The former St. Lucie County Civic Center, battered by hurricanes Frances and Jeanne three years ago, now sits 57 feet deep on the ocean floor southeast of Fort Pierce Inlet.
The rubble of a concert hall that once played host to Bob Dylan and Johnny Cash doesn't look like much; it landed helter-skelter on a previously sunken barge. But last January's deployment now attracts a whole new audience - scuba divers and large schools of fish.
"We are trying to create additional recreational opportunities for anglers and divers," said Jim Oppenborn, St. Lucie County's artificial reef chief.
Dropping down to the man-made reef, a diver immediately is enveloped by a shimmering curtain of baitfish - sardines, pilchards, and glass minnows - that flow and swirl away from marauding blue runners, bonito and Spanish mackerel.
Sign Up and Save
Get six months of free digital access to the Ledger-Enquirer
Lumbering placidly around the structure are approximately a dozen Goliath grouper, some as large as 300 pounds. The huge fish emit a deep warning boom that sounds like a bass drum if a human gets too close.
Milling around with no apparent purpose is a large school of snook. An estimated 10-pounder with a hook lodged in the corner of its jaw lay on its side amid the rubble, apparently exhausted from a tussle with a fisherman. When a diver gently sets it upright, it shakes its head as if to clear it and swims off as if nothing was wrong.
The community on the outskirts of the primary underwater drama is diverse: sheepshead, porkfish, barracuda, spotted eagle rays, Southern stingrays, gray snapper, Atlantic spadefish and even a mean-looking Cubera snapper. According to Oppenborn, nearly 70 species have been recorded on the county's artificial reefs - 23 of them in the snapper-grouper complex, which is considered overfished by marine scientists.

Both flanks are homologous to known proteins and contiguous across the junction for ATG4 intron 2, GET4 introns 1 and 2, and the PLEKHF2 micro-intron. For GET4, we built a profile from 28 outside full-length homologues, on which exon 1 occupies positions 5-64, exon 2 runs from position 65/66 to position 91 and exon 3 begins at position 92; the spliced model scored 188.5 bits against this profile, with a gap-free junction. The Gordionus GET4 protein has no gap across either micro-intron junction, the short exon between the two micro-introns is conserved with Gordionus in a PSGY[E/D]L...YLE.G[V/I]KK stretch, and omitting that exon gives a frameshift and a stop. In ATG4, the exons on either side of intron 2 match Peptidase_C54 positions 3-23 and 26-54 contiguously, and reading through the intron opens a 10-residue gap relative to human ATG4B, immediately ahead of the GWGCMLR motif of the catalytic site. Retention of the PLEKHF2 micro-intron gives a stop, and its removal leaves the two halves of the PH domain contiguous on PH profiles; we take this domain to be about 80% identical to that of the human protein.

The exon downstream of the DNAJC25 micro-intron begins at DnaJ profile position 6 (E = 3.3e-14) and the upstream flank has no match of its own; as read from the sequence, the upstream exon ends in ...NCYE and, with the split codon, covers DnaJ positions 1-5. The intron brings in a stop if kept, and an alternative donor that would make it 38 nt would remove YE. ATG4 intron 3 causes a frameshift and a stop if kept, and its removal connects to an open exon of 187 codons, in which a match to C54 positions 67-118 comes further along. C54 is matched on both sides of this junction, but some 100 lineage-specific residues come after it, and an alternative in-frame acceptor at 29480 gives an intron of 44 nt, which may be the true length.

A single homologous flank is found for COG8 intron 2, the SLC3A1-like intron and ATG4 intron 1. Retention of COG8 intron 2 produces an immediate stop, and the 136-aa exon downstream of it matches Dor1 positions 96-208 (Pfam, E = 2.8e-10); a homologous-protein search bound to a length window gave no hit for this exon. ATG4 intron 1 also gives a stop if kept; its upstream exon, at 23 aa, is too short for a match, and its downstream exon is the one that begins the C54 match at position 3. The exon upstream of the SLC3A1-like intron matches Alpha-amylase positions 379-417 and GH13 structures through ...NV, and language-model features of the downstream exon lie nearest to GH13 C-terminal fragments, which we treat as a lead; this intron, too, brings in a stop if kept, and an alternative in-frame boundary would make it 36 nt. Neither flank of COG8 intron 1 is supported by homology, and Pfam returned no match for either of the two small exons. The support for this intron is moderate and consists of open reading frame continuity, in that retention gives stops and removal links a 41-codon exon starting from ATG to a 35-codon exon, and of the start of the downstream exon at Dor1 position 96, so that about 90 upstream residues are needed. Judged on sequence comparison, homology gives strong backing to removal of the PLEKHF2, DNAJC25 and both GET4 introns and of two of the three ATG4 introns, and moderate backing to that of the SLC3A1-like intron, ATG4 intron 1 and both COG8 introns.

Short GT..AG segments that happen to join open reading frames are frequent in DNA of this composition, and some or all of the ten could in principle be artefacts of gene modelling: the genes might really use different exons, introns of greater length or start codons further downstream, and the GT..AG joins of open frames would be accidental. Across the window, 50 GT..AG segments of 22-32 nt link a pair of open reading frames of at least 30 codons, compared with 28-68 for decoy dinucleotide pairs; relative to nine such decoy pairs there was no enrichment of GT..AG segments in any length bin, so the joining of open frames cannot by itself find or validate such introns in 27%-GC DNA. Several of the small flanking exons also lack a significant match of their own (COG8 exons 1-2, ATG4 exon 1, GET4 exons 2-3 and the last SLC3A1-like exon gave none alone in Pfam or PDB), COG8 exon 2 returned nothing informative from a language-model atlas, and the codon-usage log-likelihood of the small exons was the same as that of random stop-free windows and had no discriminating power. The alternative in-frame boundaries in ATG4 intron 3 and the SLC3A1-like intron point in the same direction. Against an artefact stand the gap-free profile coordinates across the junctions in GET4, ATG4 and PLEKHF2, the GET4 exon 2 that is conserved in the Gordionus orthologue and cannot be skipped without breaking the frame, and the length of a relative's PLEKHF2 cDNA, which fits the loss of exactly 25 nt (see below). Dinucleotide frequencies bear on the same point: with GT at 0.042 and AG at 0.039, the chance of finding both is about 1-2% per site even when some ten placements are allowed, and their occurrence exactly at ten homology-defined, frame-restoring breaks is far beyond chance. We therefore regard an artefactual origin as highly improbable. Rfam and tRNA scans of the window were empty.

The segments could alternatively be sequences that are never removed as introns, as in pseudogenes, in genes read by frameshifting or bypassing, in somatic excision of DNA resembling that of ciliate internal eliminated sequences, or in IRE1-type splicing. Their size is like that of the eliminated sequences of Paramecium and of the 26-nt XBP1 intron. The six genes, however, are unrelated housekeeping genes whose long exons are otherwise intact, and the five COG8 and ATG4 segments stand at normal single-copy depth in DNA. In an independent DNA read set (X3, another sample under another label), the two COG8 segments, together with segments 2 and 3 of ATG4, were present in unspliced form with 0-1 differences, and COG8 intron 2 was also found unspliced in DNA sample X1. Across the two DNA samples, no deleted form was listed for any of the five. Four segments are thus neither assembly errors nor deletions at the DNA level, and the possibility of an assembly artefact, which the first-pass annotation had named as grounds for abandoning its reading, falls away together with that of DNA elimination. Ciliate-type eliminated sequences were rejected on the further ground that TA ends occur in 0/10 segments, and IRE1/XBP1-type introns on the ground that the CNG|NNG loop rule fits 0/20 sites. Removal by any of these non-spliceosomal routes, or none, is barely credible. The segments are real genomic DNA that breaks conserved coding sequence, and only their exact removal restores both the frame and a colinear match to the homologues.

"We are giving them somewhere to live," he said.
The civic center was the eighth artificial reef put down off St. Lucie County since the program was reinstated in 2005. In June, the number rose to 12 when 2,000 of tons of railroad ties and concrete culverts were sunk at four sites near the World War II wreck of the Amazone south of Fort Pierce Inlet.
Despite their recent status, those structures already have attracted large schools of fish.
"A lot has to do with the relief," said Lee Harris, a professor of ocean engineering at Florida Institute of Technology in Melbourne. "The more relief, the more varied the fish types you get."
Oppenborn and Harris were encouraged to find juvenile grouper on one of the structures sunk in May 2006.
"We're trying to improve survival, growth and reproduction on the reefs," Oppenborn said. "If we can show spawning on our reefs, it will be great impetus to put down more."
He's thinking along the lines of tug boats, large steel bank safes and retired military tanks, such as the ones sunk off Miami Beach in the 1990s.
Perhaps the Goliaths will take over as gunners' mates and boom the sound effects.